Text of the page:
"Sgt. Pepper's Lonely Hearts Club Band" / The Beatles
The British Invasion began with the Beatles’ Ed Sullivan appearance in February 1964; it ended in June 1967 when the Beatles released Sgt. Pepper’s Lonely Hearts Club Band. Not twenty years ago today, but twice that – forty years ago today. After that, there was no dividing music into British vs American – there was just the Beatles on one hand and everyone else on the other.
By now endless amounts have been written about this iconic album, but here the deal is one song at a time. And as it happens, that may be the best way to look at it. Sgt. Pepper is more than the sum of its parts, but the parts are pretty damn fine on their own.
Actually, I’m starting with two songs: “Sgt. Pepper’s Lonely Hearts Club Band” and its reprise, nearly at the end of Side 2. (That “nearly” will become important.) The first one kicks off the contrived conceit of this album – that it’s not by the Beatles, but by a mustachioed military brass band in braided satin uniforms. (Did anybody believe that?) So we start with the audience’s pre-concert mutterings, instruments tuning up, abruptly cut off by a thumping drumbeat and some crunchy guitars. I always think of this as an oom-pah song – that tuba in the bridge is so memorable -- but in fact this intro is straight on rock music. We don’t get the brass going until the middle eight, along with some obviously canned crowd laughter.
What we do get is Paul, in his R&B testifying mode, delivering a pack of statements that clearly could NOT apply to the Beatles – that the band was founded “twenty years ago today”, that “they’ve been going in and out of style,” that the singer’s name is Billy Shears. With the Beatles at the peak of their unprecedented fame, self-effacing remarks like “they’re guaranteed to raise a smile” and “we hope you will enjoy the show” come with a very broad wink – and, considering how the Beatles had to constantly try to escape their fans, you gotta smile at the ingenuous “You’re such a lovely audience / We’d like to take you home with us.” But that invitation -- the offer to be part of the Beatles’ inner circle -- is a constant motif throughout the album, winding up on the last track with John’s offer “I’d love to turn you on”.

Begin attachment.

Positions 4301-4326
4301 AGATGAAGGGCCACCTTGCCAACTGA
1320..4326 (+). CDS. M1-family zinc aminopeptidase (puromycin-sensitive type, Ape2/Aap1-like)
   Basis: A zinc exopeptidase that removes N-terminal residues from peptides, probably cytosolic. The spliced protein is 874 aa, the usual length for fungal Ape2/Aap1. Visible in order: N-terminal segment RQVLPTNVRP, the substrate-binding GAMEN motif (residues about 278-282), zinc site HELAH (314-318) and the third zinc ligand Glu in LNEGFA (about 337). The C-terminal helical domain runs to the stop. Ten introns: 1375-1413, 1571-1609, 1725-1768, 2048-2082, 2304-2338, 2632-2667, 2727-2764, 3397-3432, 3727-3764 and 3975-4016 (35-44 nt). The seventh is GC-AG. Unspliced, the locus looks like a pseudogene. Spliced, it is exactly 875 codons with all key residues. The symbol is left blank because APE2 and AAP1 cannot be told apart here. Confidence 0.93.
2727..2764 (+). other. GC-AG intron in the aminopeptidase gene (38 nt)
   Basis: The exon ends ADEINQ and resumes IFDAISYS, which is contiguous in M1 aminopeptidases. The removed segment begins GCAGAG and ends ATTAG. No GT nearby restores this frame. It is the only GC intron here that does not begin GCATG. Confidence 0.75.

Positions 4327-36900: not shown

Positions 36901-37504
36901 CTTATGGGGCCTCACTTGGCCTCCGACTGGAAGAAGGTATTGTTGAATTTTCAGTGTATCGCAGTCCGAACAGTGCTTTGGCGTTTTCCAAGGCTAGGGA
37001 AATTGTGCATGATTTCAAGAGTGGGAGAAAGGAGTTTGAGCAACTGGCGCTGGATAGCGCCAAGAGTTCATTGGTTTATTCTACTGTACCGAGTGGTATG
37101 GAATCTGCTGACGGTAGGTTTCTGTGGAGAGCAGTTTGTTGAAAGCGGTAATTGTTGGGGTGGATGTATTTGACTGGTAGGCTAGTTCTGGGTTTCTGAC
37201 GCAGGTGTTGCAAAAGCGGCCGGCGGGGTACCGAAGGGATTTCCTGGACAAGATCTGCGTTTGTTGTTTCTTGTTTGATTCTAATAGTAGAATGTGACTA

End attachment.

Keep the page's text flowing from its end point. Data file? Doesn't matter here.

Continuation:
Skip now to the reprise, where the drumbeat is much more frenetic, all high-hat and cymbals, the guitars ripping off fuzzy licks unheard-of in the first go-round. The reprise only lasts a minute or so – it’s just there to close the bracket, to complete this framing device. I’ve always been struck, though, by how often they repeat the line “Sergeant Pepper’s lonely,” powering it through a key shift and rise in volume. In the first version, that same line was just a stutter leading into the complete band name; here I picture Sergeant Pepper anxiously scanning the crowd for someone to warm his bed. By now we’ve had ten other tracks about people struggling to connect with others – that loneliness of Sergeant Pepper brings the humanity of the band (and the Beatles) into sharp relief.
As all good concert-goers know, there’s always an encore -- in this case, “A Day In The Life,” perhaps the album’s most disturbing and beautiful number. I’ll get to that in a few days, but it’s worth wondering now -- WHO is supposed to be singing this song? Billy Shears? Lonely Sergeant Pepper? Or is it the Beatles themselves, back in their street clothes, having shooed away the fake band? Something to ponder…the Beatles always gave us something to ponder.